Foliage and young inflorescences. Photo I. Holliday


Hakea marginata R.Br., Trans. Linn. Soc. London 10: 185 (1810)

T: in ericetis versus Montem conicam graniticam, Lucky Bay, [Bay I, W.A.], [9–14] Jan. 1802, R.Brown s.n.; syn: BM, E, K p.p., MEL 1537923.


Spreading dense shrub, 0.5–2 m tall; resprouting capacity unknown. Branchlets sericeous at flowering. Leaves rigid, oblong-elliptic to narrowly obovate, flat, 2–4.8 cm long, 4–8 mm wide, twisted at base, glabrescent; marginal veins prominent; midvein prominent above and below; venation otherwise obscure.

Inflorescence a solitary axillary umbelliform raceme, with 9–16 flowers; pedicels cream-white, glabrous. Perianth cream-white. Pistil 4.2–5.5 mm long; gland a small flap, c. 0.5 mm high.

Fruit shortly stalked, obliquely narrowly ovate-elliptic, ±straight, 1.2–2 cm long, 0.5–0.9 cm wide, scarcely beaked but shortly apiculate. Seed obliquely narrowly ovate, sometimes slightly sigmoid, 9.5–13 mm long; wing extending more broadly down one side of seed body, narrowly down other, blackish brown.

Distribution and ecology

Widespread in south-western W.A., in the area bounded by Jurien Bay, Kalgoorlie and Cape Arid. Grows in heathy shrubland, sometimes in woodland, in sandy to clayey sometimes waterlogged soil, at times in association with granite or quartzite outcrops.

To plot an up to date distribution map based on herbarium collections for this species see Australia's Virtual Herbarium. Localities outside the native range may represent cultivated or naturalised records.

Flowering time

Flowers May–Oct.

Derivation of name

From marginatus, Latin for enclosed with a border, presumably a reference to the prominent marginal veins of the leaves of this species.



Part of the Conogynoides group recognised by Bentham and characterised by a conical pollen presenter, veined leaves, glabrous perianth and fruits without horns. Barker et al. (1999) recognised a number of informal morphological groups within the section.


One of these was the Ulicina group. This group of 21 Hakea species was combined morphologically because they all have simple flat leaves or leaves which are apparently terete but when looked at in cross section are clearly angled; these angled leaves are longitudinally furrowed and often referred to as sulcate. Furthermore the group has inflorescences with 6-80 small flowers (with 3-18 mm long pistils) and erect woody fruits.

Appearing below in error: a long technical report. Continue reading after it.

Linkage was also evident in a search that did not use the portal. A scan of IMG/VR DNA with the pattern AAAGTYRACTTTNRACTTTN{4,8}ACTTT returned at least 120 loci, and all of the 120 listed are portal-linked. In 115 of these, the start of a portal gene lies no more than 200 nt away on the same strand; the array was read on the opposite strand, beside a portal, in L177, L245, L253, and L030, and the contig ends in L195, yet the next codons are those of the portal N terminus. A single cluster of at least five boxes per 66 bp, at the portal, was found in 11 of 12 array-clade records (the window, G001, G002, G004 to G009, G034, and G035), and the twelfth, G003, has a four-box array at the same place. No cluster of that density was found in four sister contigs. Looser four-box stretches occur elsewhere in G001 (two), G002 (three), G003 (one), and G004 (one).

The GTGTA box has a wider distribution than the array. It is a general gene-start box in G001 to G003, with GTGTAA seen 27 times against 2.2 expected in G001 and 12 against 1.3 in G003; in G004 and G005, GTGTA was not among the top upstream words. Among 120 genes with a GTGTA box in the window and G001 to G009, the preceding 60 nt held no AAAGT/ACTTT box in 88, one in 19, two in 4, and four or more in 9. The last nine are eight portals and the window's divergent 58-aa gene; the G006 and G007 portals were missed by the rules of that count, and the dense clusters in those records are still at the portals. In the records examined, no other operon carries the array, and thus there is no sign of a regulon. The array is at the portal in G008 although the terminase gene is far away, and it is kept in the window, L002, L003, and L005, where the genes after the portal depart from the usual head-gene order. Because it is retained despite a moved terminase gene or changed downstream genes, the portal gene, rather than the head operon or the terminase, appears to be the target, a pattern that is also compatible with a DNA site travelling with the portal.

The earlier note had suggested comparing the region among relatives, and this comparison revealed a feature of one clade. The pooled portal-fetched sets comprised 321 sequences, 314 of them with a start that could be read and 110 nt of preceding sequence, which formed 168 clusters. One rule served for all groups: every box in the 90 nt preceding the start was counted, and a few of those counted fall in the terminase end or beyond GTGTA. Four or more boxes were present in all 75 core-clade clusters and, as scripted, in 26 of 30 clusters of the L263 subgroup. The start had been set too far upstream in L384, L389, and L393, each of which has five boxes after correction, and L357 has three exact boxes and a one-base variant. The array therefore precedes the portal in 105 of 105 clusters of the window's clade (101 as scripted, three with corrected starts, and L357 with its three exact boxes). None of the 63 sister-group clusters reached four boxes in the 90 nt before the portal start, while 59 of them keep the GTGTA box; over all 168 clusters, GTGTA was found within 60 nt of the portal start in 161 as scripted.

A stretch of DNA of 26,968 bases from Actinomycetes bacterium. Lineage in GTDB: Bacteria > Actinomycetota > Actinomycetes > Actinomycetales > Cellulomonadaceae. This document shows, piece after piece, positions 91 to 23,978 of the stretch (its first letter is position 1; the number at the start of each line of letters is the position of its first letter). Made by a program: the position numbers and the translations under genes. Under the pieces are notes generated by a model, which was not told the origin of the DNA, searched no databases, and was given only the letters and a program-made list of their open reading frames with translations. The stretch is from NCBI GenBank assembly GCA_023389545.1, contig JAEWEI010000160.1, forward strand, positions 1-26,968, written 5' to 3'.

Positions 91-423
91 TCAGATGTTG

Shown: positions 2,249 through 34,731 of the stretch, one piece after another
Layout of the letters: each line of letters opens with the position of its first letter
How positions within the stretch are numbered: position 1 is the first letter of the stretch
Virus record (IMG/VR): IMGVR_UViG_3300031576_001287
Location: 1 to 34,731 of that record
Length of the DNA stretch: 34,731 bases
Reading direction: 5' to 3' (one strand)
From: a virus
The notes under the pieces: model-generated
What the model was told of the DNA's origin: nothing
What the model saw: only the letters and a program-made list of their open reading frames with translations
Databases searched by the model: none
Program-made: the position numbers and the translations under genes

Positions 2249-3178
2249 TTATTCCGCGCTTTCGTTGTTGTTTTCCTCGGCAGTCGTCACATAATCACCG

Members of the group are H. aenigma, H. carinata, H. costata, H. cygna, H. dohertyi, H. erecta, H. gilbertii, H. invaginata, H. lehmanniana, H. marginata, H. meisneriana, H. mitchellii, H. myrtoides, H. pycnoneura, H. repullulans, H. rigida, H. scoparia, H. stenocarpa, H. sulcata, H. subsulcata and H. ulicina, mostly from southern WA but also from south-eastern Australia.  


Two geographically distinct races of this species seem to exist. The northernmost has proportionally narrower fruit (length:breadth = 2.4–2.6), and is possibly a resprouter. The southern population has broader fruit (length:breadth = 2–2.5), and is apparently fire-killed. Further investigation may demonstrate these to be distinct subspecies.

This is possibly another species in which the fruits do not open on death of the branch, since most fruits on herbarium specimens remain closed.

Representative specimens

W.A.: 0.5 km N of Desmond township, Ravensthorpe area, B.Barnsley 460 (CANB, PERTH); NW of Wongan Hills, P.Roberts 329 (PERTH); W of Harvey, R.D.Royce 2657 (PERTH); c. 6 km SSW of Kalgan R. crossing on Albany–Borden road, P.S.Short 2275 & L.Haegi (AD, MEL, PERTH).


Link to FloraBase treatment of this species for WA.


For further information and images of this species in the Esperance region of Western Australia see William Archer’s Hakea page in Esperance Wildflowers


More photographs of this species can be seen on the Australian National Botanic Gardens site.

Further illustrations

J.Young, Hakeas of W. Australia, Botanical District of Avon 17, 66 (1997).

I. Holliday, Hakeas. A Field and Garden Guide 120-21 (2005)

J.A..Young, Hakeas of Western Australia. A Field and Identification Guide 69 (2006)